Grog and his New Year’s Resolution

Every year, at about this time, I take a pen (remember those?) and a piece of paper and write:  “New Year’s Resolutions” and whatever year is bursting on the horizon.  I write #1 and then I write “Be more ruthless.”  There’s always a bunch of other, currently important resolutions, that may or may not matter next year, but I’m convinced that, over the course of several years, I will actually become more ruthless, simply by writing it down once a year.  That’s the power of New Year’s resolutions — it could happen.   New Year’s Resolutions are that idea that we can somehow be better — if we just set our mind to it.  And we can.  Primitive man knew this and acted accordingly.

For example, in Europe, back in the caveman days, there were two groups of people: the Cro-Magnon and the Neanderthals.  They were both basic knuckle-draggers, but there is one important difference.  The Cro-Magnon people survived and the Neanderthals died out.  Why?  I’m convinced that the Cro-Magnon understood the concept of improvement.  It’s pretty far-fetched to consider a bunch of Cro-Magnons sitting around the cave making plans to go to the gym or start an RRSP, but in caveman terms, I think that’s exactly what they did.  Meanwhile, the Neanderthal hillbillies down the block were picking their noses and wondering why they never seemed to get ahead.  If you multiply that situation by, let’s say, 30 thousand years, Darwin and his theory kick in, and suddenly the Neanderthals are wondering where all their friends went.  On the other hand, the Cro-Magnons have all the cool stuff — like circles and pointy sticks and the missionary position.  The layers of knowledge build up, and before you know it, your species is evolving.  In essence, the reason the Cro-Magnon people are the roots of our family tree and the Neanderthals are bones in a museum is that the Cro-Magnons learned how to do things better.  They also knew there was a thing called tomorrow.

Here’s the deal: it’s December 31st, no year (because they didn’t have them.)  Grog is sitting around the cave.  Mrs. Grog and the kids are huddled over in the corner, shivering and bitchin’ because it’s cold.  Gender equality wasn’t an issue in those days, so it’s Grog’s job to go out in the snow to get wood for the fire.  Grog grunts and groans and hollers and stomps around, but he does it; it’s a matter of survival.  When everybody’s toasty warm again, Grog is still thinking about how much he hates going out in the cold to get wood.  He’s just a little bit smarter than the average Cro-Magnon, so he understands that the snow is eventually going to go away and wood gathering is going to be a lot easier.  But — and this is way more important — he also knows that the snow is cunning, and it always comes back.  Ding dong!  The light goes on!   Grog says to himself, “Wait a minute!  If I get those useless kids to gather wood all summer, when it’s easy, and pile it over in the corner of the cave, I won’t have to go out in the cold to get it when the snow comes back.”  So Grog “resolves” to gather wood next year or make the kids do it.  Grog has a pile more time in the winter to do things like sharpen his pointy sticks (which makes hunting a lot better.)  The family eats better and more often.  At some point, Grog’s neighbours, two caves down, are going to see this and either put two and two together or ask, “Hey, Grog! You lookin’ fat, dumb and happy.  What’s your secret?”  The family Grog and the whole tribe are on the road to evolution because Grog’s kids are going to grow up and make their kids gather wood, too — “just like I did when I was your age.” From there, it’s only a matter of time before somebody’s going to decide that it would be kinda cool if a guy from Ohio took a stroll on the moon.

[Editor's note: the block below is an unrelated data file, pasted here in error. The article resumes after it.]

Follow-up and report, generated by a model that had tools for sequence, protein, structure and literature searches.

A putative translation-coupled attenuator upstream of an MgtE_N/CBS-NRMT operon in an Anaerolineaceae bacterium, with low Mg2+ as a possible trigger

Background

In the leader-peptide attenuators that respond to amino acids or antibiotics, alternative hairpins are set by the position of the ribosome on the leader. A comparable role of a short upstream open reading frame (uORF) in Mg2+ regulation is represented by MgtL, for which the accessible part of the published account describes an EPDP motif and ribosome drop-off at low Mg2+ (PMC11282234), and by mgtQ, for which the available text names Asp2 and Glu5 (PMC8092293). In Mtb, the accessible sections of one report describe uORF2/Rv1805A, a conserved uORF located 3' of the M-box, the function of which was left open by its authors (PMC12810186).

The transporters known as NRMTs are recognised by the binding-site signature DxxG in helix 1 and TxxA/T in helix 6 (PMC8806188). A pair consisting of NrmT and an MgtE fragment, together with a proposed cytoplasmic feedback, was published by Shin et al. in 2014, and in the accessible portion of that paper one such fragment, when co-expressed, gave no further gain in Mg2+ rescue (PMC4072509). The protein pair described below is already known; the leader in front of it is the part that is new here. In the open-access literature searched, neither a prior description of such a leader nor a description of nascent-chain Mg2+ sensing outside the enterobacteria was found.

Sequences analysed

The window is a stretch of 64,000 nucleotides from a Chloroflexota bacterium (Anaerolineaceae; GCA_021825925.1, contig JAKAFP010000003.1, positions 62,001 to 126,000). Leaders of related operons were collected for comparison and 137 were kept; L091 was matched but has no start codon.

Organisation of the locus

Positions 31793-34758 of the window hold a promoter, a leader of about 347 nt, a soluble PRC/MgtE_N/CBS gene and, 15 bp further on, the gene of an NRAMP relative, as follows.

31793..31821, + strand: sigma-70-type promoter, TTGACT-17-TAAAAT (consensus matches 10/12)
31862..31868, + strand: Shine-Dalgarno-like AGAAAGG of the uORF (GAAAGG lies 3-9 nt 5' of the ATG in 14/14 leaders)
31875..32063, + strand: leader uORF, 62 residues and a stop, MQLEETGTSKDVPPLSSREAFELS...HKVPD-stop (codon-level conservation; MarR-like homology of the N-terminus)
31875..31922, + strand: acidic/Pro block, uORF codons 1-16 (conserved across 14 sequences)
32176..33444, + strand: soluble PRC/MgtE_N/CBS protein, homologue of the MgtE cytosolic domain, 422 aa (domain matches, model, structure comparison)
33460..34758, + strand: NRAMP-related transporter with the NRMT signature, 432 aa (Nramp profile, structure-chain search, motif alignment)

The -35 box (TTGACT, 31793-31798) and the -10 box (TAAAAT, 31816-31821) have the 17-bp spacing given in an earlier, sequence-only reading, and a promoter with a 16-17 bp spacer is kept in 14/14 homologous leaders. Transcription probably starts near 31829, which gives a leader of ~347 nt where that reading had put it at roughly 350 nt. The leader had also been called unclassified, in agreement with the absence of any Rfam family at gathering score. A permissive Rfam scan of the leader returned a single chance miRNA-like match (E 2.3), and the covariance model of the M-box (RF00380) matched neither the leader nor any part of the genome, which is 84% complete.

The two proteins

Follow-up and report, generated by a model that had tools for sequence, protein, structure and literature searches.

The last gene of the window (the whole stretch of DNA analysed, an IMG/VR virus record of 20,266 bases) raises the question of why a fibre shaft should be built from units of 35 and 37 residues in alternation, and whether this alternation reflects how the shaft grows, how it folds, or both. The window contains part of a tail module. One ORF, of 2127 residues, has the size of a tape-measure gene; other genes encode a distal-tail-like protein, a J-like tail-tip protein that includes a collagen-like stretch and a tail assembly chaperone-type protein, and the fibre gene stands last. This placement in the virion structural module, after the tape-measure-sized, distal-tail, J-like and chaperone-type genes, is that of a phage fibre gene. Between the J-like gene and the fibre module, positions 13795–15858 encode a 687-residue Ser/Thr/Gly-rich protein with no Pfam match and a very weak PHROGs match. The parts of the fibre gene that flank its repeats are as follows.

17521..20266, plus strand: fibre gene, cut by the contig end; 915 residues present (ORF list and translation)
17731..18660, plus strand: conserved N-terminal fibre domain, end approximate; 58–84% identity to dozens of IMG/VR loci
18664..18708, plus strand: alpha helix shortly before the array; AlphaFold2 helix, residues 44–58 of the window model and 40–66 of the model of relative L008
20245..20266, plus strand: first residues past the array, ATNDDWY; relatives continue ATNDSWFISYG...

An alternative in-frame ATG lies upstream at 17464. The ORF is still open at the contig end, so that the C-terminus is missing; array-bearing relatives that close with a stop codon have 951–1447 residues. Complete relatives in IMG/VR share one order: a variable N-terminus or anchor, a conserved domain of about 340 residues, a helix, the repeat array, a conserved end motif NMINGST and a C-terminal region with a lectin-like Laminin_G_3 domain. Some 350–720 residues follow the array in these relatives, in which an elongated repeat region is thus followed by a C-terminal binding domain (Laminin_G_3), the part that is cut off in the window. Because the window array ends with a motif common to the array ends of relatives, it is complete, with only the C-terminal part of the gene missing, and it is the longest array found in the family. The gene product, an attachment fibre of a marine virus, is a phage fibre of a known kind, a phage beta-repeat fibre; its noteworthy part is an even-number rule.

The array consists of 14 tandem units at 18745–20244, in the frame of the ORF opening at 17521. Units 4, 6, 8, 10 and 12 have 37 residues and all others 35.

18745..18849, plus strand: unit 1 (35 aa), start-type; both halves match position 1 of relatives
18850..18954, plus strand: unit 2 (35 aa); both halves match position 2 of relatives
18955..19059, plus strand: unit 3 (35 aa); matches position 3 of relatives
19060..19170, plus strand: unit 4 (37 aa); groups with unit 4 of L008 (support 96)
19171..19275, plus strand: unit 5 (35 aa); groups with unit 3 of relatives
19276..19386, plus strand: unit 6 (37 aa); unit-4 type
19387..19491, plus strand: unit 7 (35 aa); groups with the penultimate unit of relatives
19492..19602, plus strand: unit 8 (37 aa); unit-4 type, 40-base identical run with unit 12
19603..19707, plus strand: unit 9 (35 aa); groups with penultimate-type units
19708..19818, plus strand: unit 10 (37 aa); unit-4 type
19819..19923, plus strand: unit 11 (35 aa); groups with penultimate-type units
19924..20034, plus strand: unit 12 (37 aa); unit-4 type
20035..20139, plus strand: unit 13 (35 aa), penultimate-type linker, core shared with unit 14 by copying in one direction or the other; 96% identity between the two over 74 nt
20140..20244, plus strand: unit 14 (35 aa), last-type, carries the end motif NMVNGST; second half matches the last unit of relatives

That’s why we make resolutions and why — every year — I write them down.  It’s not that I keep them (or even remember some of them) but we all have to try: the survival of our species depends on it.

2 thoughts on “Grog and his New Year’s Resolution

  1. I don’t think I’ve made any new year resolution in the last, say 20 to 30 years, but after reading that I think I just might have a go this time around. After all if the survival of the species depends on it who am I to screw it all up, so I guess I’ll have to take some time and think about what I’d like to improve upon…………… good god the list is a mile long, maybe I’d better rethink this whole “survival of the species” issue. Yes, I think I’ll leave that up to the rest of you, and good luck keeping your resolutions, because not only is mankind depending on you all, so am I.

  2. New Years Resolutions, it is one subject people at this time of the year talk about a lot. “Well, what’s your resolutions for this year, have you made your resolutions yet, do you every try and keep your resolutions etc…” I really can’t say I have made any New Years Resolution except for the same one I make every year, Treat other people like I myself would like to be treated. For the most part I do keep this one Resolution but there are always the exception to every rule. I have never thought in terms of the “survival of the species” before and maybe it does require some thought. For right now the New Year is only minutes old and I don’t think I have to have New Years Resolution made at the beginning of the year. There are some you can make and keep as the year progresses. I think that will be my New Years Resolution – make the Resolutions as required.
    Happy New Year WD, all the Best in 2011 and I hope you can keep the “Be more Ruthless” Resolution.

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